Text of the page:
I am a person of faith, Christian. I used to believe point seven exactly as you do. Forgive isn’t dependent on repentance etc. I agree with number eight, ie removing bitterness and anger and resentment and all negative emotions that keep you in bondage. But like forgiveness doesn’t mean no consequences, I now see releasing the negative harmful emotions within as separate from extended forgiveness without. It was a specific scripture I read that went against what I had been taught. It is Luke 17:4 in which Jesus simply says, ” if he repents, forgive him”. It made me rethink this. As even God doesn’t forgive until people repent. If he did everyone would be saved. But the requirement actually to being saved or receiving God’s forgiveness, as Peter said in acts 2 is repentance. So I reread the forgiveness passages and they are in the context of repentance. I’m open. Could be wrong. I believe the offended should release the offense as you said. But now for the sake of the offender or sinner from God’s perspective , should let them come to a place of repentance just like God does with us in salvation. Otherwise everyone be saved whether they repented of their sins or not. Anyway, you may not be person if faith so quoting a verse might not matter but this is commonly taught and I was curious about your thoughts on this.

    As an aside, I found David’s stuff as I was writing a series on trust. It’s explicitly Christian. I based it on scripture. I’m a minister, but would base it on scripture even if not. So Lots bible it it. See crisis of trust . But I had seven attributes that build trust. Then found his eight pillars and was excited. Six basically same though couple words different. I emphasize one he doesn’t really and he had two I didn’t. Loved it very much. There is a reason trust was chosen in the motto in God we trust. Not love, or hope, or believe etc. It’s the foundational value. And we’ve lost it. I pray Godspeed on his calling and mission, especially in America.



    “” wrote: > a:hover { color: red; } a { text-decoration: none; color: #0088cc; } a.primaryactionlink:link, a.primaryactionlink:visited { background-color: #2585B2; color: #fff; } a.primaryactionlink:hover, a.primaryactionlink:active { background-color: #11729E !important; color: #fff !important; } /* @media only screen and (max-device-width: 480px) { .post { min-width: 700px !important; } } */ Randy Conley posted: “Suffering a betrayal of trust can be one of the most difficult and challenging times in your life. Depending on the severity of the offense, some people choose not to pursue recovery of the relationship. For those that do, the process of restoration can t”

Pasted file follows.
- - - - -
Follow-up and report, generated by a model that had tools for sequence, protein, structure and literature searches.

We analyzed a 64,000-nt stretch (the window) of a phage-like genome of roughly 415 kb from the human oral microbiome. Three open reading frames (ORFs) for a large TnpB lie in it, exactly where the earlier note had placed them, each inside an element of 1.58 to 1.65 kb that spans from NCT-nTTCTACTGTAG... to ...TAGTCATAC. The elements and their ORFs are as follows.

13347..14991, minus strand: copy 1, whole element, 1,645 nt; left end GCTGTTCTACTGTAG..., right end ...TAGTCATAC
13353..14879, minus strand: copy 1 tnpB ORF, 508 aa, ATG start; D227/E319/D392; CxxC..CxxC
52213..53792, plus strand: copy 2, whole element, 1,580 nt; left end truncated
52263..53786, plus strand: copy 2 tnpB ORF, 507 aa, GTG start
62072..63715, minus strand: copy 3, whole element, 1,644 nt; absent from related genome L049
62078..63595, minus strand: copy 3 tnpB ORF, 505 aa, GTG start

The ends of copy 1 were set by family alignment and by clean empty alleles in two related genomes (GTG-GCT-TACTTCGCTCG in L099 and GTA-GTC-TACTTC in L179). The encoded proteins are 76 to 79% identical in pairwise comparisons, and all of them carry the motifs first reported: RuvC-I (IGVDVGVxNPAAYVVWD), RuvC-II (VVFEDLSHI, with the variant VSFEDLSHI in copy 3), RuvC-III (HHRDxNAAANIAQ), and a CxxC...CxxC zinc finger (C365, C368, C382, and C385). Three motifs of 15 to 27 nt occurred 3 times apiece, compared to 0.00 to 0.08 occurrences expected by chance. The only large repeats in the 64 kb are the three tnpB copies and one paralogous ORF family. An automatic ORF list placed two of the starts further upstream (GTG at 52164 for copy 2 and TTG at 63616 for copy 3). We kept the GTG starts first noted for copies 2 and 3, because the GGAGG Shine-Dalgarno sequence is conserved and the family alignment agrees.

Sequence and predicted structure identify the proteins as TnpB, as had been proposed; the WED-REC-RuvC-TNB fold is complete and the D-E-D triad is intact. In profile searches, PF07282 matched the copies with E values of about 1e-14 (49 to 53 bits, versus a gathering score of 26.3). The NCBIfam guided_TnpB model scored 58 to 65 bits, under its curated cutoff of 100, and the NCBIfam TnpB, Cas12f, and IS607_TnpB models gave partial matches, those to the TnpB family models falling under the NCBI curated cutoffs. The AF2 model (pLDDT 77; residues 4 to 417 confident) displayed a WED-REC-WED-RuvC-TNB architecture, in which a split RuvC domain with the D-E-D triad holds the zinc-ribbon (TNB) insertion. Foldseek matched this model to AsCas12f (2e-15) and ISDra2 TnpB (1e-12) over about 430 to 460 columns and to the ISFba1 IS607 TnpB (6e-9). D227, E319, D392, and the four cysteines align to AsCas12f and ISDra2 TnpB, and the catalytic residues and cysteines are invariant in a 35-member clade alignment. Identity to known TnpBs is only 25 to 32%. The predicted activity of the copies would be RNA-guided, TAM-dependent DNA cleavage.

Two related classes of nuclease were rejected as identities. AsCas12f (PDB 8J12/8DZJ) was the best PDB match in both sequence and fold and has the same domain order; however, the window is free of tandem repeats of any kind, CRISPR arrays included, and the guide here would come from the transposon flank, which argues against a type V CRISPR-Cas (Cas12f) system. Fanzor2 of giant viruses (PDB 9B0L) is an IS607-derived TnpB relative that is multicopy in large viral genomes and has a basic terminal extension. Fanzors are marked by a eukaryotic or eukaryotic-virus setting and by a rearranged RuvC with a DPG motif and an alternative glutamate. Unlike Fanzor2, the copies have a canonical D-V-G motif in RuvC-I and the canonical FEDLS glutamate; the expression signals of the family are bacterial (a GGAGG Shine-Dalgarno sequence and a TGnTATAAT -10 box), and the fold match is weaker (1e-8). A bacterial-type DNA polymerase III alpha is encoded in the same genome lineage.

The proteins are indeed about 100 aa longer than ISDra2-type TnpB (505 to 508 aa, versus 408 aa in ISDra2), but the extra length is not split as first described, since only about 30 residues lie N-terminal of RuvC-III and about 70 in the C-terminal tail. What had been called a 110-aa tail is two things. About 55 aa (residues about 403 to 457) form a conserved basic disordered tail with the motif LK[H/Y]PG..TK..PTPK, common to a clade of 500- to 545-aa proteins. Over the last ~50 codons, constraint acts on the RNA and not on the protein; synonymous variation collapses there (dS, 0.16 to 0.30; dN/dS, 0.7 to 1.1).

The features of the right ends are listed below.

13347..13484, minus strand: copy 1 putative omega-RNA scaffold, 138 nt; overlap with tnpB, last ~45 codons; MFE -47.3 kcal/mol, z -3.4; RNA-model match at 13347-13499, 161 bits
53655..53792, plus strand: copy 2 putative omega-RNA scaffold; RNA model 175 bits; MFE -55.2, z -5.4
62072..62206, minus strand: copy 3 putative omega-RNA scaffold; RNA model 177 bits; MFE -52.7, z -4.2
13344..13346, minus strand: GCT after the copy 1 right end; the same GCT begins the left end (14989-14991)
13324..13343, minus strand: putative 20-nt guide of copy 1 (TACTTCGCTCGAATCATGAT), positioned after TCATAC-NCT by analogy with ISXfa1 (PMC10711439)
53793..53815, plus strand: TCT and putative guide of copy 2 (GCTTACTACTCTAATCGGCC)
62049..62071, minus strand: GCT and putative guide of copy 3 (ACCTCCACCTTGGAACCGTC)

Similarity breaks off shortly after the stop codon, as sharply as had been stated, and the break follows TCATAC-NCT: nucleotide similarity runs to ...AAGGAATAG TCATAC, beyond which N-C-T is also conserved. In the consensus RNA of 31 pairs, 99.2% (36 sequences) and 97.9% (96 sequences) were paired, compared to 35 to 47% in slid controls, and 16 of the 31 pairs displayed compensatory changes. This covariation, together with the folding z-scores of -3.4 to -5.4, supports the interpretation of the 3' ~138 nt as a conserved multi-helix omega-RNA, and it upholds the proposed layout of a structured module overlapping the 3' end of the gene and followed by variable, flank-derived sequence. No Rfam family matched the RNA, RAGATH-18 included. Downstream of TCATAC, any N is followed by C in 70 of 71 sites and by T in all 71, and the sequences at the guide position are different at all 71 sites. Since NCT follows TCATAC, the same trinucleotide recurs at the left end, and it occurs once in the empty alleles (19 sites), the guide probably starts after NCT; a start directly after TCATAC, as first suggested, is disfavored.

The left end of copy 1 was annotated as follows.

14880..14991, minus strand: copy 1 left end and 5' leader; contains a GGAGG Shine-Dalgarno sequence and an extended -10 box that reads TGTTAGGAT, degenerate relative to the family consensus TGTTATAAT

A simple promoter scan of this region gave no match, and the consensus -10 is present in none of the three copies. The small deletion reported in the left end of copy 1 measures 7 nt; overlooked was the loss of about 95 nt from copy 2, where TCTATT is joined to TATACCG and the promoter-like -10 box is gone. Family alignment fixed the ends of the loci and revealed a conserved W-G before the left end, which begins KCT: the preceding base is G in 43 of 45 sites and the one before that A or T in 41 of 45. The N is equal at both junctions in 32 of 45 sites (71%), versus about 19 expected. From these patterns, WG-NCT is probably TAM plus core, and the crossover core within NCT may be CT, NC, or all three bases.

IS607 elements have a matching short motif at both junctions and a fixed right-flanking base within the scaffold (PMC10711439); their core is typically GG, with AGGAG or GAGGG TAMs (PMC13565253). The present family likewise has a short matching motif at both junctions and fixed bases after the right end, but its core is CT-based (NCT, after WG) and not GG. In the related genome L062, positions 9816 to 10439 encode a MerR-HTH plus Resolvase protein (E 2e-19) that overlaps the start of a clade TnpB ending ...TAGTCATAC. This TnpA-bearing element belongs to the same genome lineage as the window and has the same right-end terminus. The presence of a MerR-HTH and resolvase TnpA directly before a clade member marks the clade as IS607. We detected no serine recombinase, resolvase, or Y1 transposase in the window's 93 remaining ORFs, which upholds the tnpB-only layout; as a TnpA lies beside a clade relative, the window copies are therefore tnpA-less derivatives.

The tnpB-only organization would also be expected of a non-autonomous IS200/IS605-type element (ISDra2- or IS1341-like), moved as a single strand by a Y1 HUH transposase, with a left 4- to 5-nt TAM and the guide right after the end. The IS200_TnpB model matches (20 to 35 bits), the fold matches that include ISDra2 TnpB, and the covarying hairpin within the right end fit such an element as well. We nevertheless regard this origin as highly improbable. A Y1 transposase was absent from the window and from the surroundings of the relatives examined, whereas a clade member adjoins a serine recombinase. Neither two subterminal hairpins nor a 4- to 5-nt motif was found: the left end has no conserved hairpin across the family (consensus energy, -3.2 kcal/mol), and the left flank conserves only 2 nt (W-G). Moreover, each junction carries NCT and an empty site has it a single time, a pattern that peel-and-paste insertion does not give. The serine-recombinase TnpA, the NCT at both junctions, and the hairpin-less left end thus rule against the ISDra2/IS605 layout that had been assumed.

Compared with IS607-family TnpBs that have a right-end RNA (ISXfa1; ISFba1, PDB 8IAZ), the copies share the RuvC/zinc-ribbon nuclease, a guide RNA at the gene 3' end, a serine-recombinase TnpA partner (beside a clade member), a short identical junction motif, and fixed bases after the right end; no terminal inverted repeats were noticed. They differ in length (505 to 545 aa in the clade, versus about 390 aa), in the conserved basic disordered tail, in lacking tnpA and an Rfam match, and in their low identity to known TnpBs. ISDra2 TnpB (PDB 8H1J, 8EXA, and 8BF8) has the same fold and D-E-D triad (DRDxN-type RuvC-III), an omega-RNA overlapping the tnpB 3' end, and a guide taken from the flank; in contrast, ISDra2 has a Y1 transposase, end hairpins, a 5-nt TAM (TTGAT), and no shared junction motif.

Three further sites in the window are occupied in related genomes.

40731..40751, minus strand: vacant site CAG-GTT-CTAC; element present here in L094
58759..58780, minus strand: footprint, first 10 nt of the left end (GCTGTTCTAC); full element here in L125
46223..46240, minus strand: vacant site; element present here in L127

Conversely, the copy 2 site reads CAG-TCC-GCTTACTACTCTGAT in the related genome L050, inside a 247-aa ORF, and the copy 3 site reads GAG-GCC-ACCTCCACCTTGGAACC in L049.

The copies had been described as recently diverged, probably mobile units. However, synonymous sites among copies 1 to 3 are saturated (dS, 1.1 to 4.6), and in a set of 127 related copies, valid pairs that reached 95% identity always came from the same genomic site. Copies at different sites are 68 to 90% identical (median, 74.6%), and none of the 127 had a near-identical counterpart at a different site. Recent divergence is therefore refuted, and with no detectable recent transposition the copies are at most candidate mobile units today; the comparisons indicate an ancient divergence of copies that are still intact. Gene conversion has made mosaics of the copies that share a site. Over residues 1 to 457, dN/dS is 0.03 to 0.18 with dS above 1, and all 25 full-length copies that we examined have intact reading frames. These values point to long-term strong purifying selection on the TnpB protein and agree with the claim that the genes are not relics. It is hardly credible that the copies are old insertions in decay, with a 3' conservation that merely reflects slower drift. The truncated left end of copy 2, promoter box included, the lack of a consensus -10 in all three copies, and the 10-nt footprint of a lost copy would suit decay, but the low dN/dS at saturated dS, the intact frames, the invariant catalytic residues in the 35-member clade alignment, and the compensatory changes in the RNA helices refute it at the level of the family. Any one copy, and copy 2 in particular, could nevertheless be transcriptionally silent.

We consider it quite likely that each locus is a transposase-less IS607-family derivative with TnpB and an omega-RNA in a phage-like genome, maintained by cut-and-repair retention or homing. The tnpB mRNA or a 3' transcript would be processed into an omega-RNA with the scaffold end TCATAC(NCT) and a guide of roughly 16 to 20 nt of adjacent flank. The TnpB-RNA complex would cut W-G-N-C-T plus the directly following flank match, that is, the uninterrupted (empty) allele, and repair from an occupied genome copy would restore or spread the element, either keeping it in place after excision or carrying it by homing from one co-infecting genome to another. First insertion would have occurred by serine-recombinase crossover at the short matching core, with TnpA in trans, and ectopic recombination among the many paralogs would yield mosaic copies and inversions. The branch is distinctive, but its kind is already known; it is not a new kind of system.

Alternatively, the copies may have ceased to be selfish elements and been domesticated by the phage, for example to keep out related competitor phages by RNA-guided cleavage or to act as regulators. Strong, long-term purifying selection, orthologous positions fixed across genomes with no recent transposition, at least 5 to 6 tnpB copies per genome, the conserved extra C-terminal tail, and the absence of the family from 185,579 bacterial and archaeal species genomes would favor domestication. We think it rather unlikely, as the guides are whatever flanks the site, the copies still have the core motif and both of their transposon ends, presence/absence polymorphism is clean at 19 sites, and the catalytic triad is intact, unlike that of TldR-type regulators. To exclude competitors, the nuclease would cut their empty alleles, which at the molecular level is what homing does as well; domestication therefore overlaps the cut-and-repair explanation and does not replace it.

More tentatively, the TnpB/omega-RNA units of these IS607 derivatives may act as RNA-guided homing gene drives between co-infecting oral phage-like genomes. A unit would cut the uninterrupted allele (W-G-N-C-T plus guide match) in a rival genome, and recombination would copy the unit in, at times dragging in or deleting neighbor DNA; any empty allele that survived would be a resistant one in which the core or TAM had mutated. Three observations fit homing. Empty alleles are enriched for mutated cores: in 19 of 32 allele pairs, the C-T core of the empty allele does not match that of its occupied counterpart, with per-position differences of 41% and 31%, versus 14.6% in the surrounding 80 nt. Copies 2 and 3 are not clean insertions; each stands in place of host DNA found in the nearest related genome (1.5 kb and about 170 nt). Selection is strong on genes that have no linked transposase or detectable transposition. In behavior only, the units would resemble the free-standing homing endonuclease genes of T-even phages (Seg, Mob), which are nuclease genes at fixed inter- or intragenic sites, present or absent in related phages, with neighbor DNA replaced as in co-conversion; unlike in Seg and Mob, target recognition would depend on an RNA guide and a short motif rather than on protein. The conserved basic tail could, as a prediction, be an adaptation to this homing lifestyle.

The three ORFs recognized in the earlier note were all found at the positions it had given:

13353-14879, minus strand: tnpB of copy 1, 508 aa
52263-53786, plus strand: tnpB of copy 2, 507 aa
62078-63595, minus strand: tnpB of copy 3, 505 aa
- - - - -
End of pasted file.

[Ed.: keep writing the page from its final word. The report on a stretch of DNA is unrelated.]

• Hi Rick,

      Thanks for your wonderful comments. As a fellow Believer you have given me something to think about. I haven’t previously made the connection with repentance and forgiveness. You also made a good point that it is possible to release the negative emotions from I forgiveness separately from forgiving someone.

      Dave Horsager’s pillars of trust is good stuff.

      Take care, Randy

    • Joke,

      Rick, I thought the bible verse you quoted says if they repent. Luke 17:4 Even if they sin against you seven times in a day and seven times come back to you saying ‘I repent,’ you must forgive them.”

      The number 7 point to my understanding says you can choose to forgive people even when they didn’t apologies or feel remorseful of what they have done. “Forgiveness isn’t dependent on the other person showing remorse”

      We can forgive others so that our Father can forgive us our own sins. Acts 3:19 Repent therefore, and turn back, that your sins may be blotted out,

      Thank you,

  2. Great points on forgiveness, Randy. Too often, we forget that forgiveness still should include honest conversations. Forgiveness needs to embrace honesty and empathy. As tough as it is, we need to clear the air as well as forgive. Thanks for really highlighting all the key elements of forgiveness. Jon

    • Thanks for your comments Jon. I love that you called out the importance of honest and empathetic conversations. I see that as the vehicle for expressing forgiveness.

      Have a good week!


  3. This is so very true from my life experience. Forgiveness is a relief. Give yourself a chance to move on, rather than lingering in what happened in the past you can’t change. Grudge is bad for health.

  4. Randy, a powerful and underrated trait that people need to keep in mind. Without forgiveness, barriers continue to impede trust and progress. It requires humility and understanding. Great points, Radny, and a great article that I’ll share.

    • Thank you Paul. I think having a humble spirit is critical for being able to express forgiveness. We’ve all messed up and needed forgiveness and approaching these situations with humility and compassion help everyone involved.


  5. Pingback: FAITH AND WORK: Connecting Sunday to Monday | Coram Deo ~